You can see now that we’ve got two different theories as to what caused the plague that were worked into the design. That’s because the whole thing was an attempt by the doctors to cover as many bases as they could think of, and we’re still not done.

The glass eyepieces. They were either darkened or red, not something you generally want to have to contend with when examining patients. But the plague might be spread by eye contact via the evil eye, so best to ward that off too.

The illustration shows a doctor holding a stick. This was an examination tool, that helped the doctors keep some distance between themselves and the infected. They already had gloves on, but the extra level of separation was apparently deemed necessary. You could even take a pulse with it. Or keep people the fuck away from you, which was apparently a documented use.

Finally, the robe. It’s not just to look fancy, the cloth was waxed, as were all of the rest of their clothes. What’s one of the properties of wax? Water-based fluids aren’t absorbed by it. This was the closest you could get to a sterile, fully protecting garment back then. Because at least one person along the line was smart enough to think “Gee, I’d really rather not have the stuff coming out of those weeping sores anywhere on my person”.

So between all of these there’s a real sense that a lot of real thought was put into making sure the doctors were protected, even if they couldn’t exactly be sure from what. They worked with what information they had. And frankly, it’s a great design given what was available! You limit exposure to aspirated liquids, limit exposure to contaminated liquids already present, you limit contact with the infected. You also don’t give fleas any really good place to hop onto. That’s actually useful.

Beyond that, there were contracts the doctors would sign before they even got near a patient. They were to be under quarantine themselves, they wouldn’t treat patients without a custodian monitoring them and helping when something had to be physically contacted, and they would not treat non-plague patients for the duration. There was an actual system in place by the time the plague doctors really became a thing to make sure they didn’t infect anyone either.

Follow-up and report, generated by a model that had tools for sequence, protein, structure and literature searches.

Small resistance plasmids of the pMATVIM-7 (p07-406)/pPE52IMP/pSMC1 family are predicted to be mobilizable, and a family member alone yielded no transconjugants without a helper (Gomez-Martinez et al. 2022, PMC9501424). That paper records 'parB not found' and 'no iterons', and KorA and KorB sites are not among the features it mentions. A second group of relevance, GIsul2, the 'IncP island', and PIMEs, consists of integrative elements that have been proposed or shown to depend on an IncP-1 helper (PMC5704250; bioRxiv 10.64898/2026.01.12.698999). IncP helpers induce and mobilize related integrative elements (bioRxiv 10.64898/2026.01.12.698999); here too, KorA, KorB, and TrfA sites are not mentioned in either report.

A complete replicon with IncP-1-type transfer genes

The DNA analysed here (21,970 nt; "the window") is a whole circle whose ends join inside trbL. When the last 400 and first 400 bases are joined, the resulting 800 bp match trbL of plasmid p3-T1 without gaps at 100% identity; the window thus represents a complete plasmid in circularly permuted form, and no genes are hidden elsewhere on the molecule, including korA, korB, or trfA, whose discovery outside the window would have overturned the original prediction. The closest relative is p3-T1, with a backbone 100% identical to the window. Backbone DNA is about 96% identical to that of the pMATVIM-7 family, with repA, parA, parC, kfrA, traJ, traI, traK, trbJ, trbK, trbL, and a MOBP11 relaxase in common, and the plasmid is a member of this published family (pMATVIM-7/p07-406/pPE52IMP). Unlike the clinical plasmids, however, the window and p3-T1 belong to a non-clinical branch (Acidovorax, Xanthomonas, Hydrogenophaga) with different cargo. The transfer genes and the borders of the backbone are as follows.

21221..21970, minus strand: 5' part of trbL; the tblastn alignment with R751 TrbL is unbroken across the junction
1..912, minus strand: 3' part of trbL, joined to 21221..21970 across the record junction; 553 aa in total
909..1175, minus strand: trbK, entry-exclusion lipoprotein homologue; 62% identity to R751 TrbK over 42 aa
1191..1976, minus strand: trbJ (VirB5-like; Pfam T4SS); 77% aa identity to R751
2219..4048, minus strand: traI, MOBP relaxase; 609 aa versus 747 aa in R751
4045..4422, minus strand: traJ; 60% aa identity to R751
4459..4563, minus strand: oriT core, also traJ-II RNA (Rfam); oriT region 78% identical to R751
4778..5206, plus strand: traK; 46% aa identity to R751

These guys were the product of the scientific process at work, and the scientific process made a bitchin’ proto-hazmat suit. And containment protocols!

reblogging for the sweet history lesson

(via thegreenwolf)

tothewilderness:

In love with my tattoo, first session is a success

The bird is so well done (what species is it? Looks a bit like the song thrushes I see in my back garden)

tothewilderness:

In love with my tattoo, first session is a success

The bird is so well done (what species is it? Looks a bit like the song thrushes I see in my back garden)

bioqueer asked: I saw on your response to an anon question on the first of march that you are "uncomfortable with a large part of behavioural science". I was wondering if you could elaborate? I'm currently studying behavioral science, and I'm curious what some of the weaknesses others see are. I see some methodological issues with the field, but think it's still quite valuable. I'd like to know where the problems are, so I can make an informed decision about where to put my further study energy.

markscherz:

A few big problems for me with behavioural science are how frequently experiments are poorly designed, the level of control is impossible to assess, and behaviours are subjectively interpreted. I also think that a lot of modelling that takes place in behavioural science tells us very little about the animals they are looking at except that they don’t necessarily behave like a computer simulation. Quantifying behaviour in a meaningful, informative, and interesting way is extremely difficult. There is also a problem of perceived significance (and the stupidity of arbitrary significance) and pathetic sample sizes in a LOT of behavioural research. I have read several behavioural studies where the effective sample size was about 3 individuals, because of the number that had to be discarded.

I am not saying it’s not a valuable field. I would be the last person to say that a field is valueless, considering how niche my own field is. What I am saying is that in my experience, from the behavioural research I have done, the literature I have read, and the lectures I have sat through, a lot of the conclusions that are being drawn in behavioural fields are stronger than the data warrants. This is something that should be avoided whenever possible in science.

Behavioural science is actually a really exciting field in terms of technological and methodological advancement. Hopefully we will be able to transfer experiments that have previously been done under lab conditions to the field, where control is more difficult but conclusions are more relevant to real behaviours. My partner’s research for example has just demonstrated that the gluing of PIT tags to field crickets doesn’t affect their longevity in the field, meaning that research on these insects can now be done in a field environment without worrying about the study subjects having lower survival than their unstudied counterparts.

I just urge anyone in behavioural science to go forth with careful consideration of their goals and the ways in which to achieve them in a statistically sound and reasonable way. As I have discovered myself, it is so easy to make a study meaningless by less than careful research design. Avoid that at all costs.